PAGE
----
Typosquatting is a cybercrime technique of making slight spelling alterations in the email address of a company’s employee or CXO to send fraudulent emails in their name. Generally, these minor spelling deviations go unnoticed by the recipients, and they end up getting tricked into sharing sensitive information or downloading malicious files.
Since the typosquatted email address isn’t part of the official SPF record, the email fails the SPF authentication check at the receiver’s end. This way, the fraudulent message either lands in the spam folder or bounces-back, based on what type of fail you’ve set.
Even Barbara Corcoran Was Hit by Typosquatting
In February 2020, Barbara Corcoran, renowned host of Shark Tank, fell victim to a $380,000 typosquatting-based phishing scam. A malicious actor created an email address that closely resembled her assistant’s, with just one letter misspelled. The email contained a fake invoice for $388,700.11 from a legitimate German company, seemingly related to real estate renovations, a field Corcoran invests in. Her bookkeeper, trusting the email’s appearance, wired the money.
Image sourced from cybersecurityasean.com
The case came to light when the assistant was accidentally included in a reply to the email. While Barbara Corcoran didn’t provide a formal statement, she cautioned against hasty wire transfers via a tweet.
This incident underscores the need for email authentication using SPF, DKIM, and DMARC. Had there been an SPF TXT record (text record) corresponding to their official email-sending domain, the fake email wouldn’t have passed the SPF authentication check at the bookkeeper’s end.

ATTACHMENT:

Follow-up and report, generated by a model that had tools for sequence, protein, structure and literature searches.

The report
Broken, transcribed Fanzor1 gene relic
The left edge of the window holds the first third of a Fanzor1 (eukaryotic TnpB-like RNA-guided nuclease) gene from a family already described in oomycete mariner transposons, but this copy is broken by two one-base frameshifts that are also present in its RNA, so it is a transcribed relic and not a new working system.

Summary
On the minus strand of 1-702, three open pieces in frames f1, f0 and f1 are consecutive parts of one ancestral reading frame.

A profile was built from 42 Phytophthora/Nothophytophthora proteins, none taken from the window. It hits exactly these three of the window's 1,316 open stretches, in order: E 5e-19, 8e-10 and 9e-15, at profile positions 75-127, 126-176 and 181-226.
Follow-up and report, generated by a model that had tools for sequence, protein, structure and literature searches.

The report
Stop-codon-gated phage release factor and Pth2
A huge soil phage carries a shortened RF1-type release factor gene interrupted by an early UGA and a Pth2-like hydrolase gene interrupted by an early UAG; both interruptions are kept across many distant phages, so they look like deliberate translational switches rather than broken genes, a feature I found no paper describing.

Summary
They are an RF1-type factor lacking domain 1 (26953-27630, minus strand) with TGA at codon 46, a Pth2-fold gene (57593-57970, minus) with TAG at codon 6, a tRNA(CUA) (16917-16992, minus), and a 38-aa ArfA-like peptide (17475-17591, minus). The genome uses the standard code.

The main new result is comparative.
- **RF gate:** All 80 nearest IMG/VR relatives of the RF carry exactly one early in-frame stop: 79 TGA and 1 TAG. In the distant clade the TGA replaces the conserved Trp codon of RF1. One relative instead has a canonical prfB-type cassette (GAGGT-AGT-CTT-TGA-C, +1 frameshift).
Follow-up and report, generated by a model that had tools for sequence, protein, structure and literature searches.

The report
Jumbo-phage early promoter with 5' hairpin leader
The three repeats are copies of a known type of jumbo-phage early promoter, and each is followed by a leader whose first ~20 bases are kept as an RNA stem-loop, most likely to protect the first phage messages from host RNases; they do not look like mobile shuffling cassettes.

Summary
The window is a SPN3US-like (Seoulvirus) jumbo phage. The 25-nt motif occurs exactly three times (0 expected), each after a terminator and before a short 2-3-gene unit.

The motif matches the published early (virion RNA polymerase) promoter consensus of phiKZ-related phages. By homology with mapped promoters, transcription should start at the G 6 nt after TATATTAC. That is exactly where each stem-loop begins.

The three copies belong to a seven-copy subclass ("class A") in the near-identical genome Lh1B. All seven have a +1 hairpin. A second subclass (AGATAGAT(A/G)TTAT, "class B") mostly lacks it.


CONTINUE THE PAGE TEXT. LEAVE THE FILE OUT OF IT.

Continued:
SPF Record Example
Here’s an SPF record example of a string and an explanation of its elements-
v=spf1 a mx ip6:2001:db8:3333:4444:5555:6666:7777:8888 include:_spf.xyz.com -all
- v=SPF1 is what every valid SPF record starts with. The v tag represents the SPF version number, and until now, there has been only 1 version.
- The ‘a’ mechanism allows the ip6 address to be a legitimate sender. So, emails sent from this IP address will pass the authentication check.
- The ‘mx’ mechanism tells which recipients are permitted to receive messages for the domain. This tag ensures mail servers managing incoming messages for the domain are also able to dispatch messages.
- 2001:db8:3333:4444:5555:6666:7777:8888 is the IP6 address allowed to send emails from the domain.
- ‘Include:_spf.xyz.com’ indicates that the domain owner has allowed a third-party service provider (having the xyz.com domain) to send emails on behalf of the organization.
- The ‘-all’ tag is used in order to give instructions to receivers’ mailboxes to reject the entry of illegitimate email senders.
SPF Records Best Practices
It’s suggested to create DNS TXT records for all your domains, including the ones you don’t use for sending emails. Threat actors are in constant search of unprotected domains to exploit them to their advantage. Start by enlisting all the IP addresses (IPv4 and IPv6) that you trust and allow to dispatch email messages on behalf of your company, followed by incorporating the right set of SPF record syntax– mechanisms, modifiers, and qualifiers.
If your SPF DNS records have exceeded the lookup limit, then reach out to AutoSPF, where we condense them, which eliminates the need for DNS lookups.
Moreso, it’s vital to run them through credible online SPF record lookup tools that highlight existing configurational and syntactical errors so that you can fix them before mishapening instances. The deployment of SPF, DKIM, and DMARC also improves email deliverability for your email servers.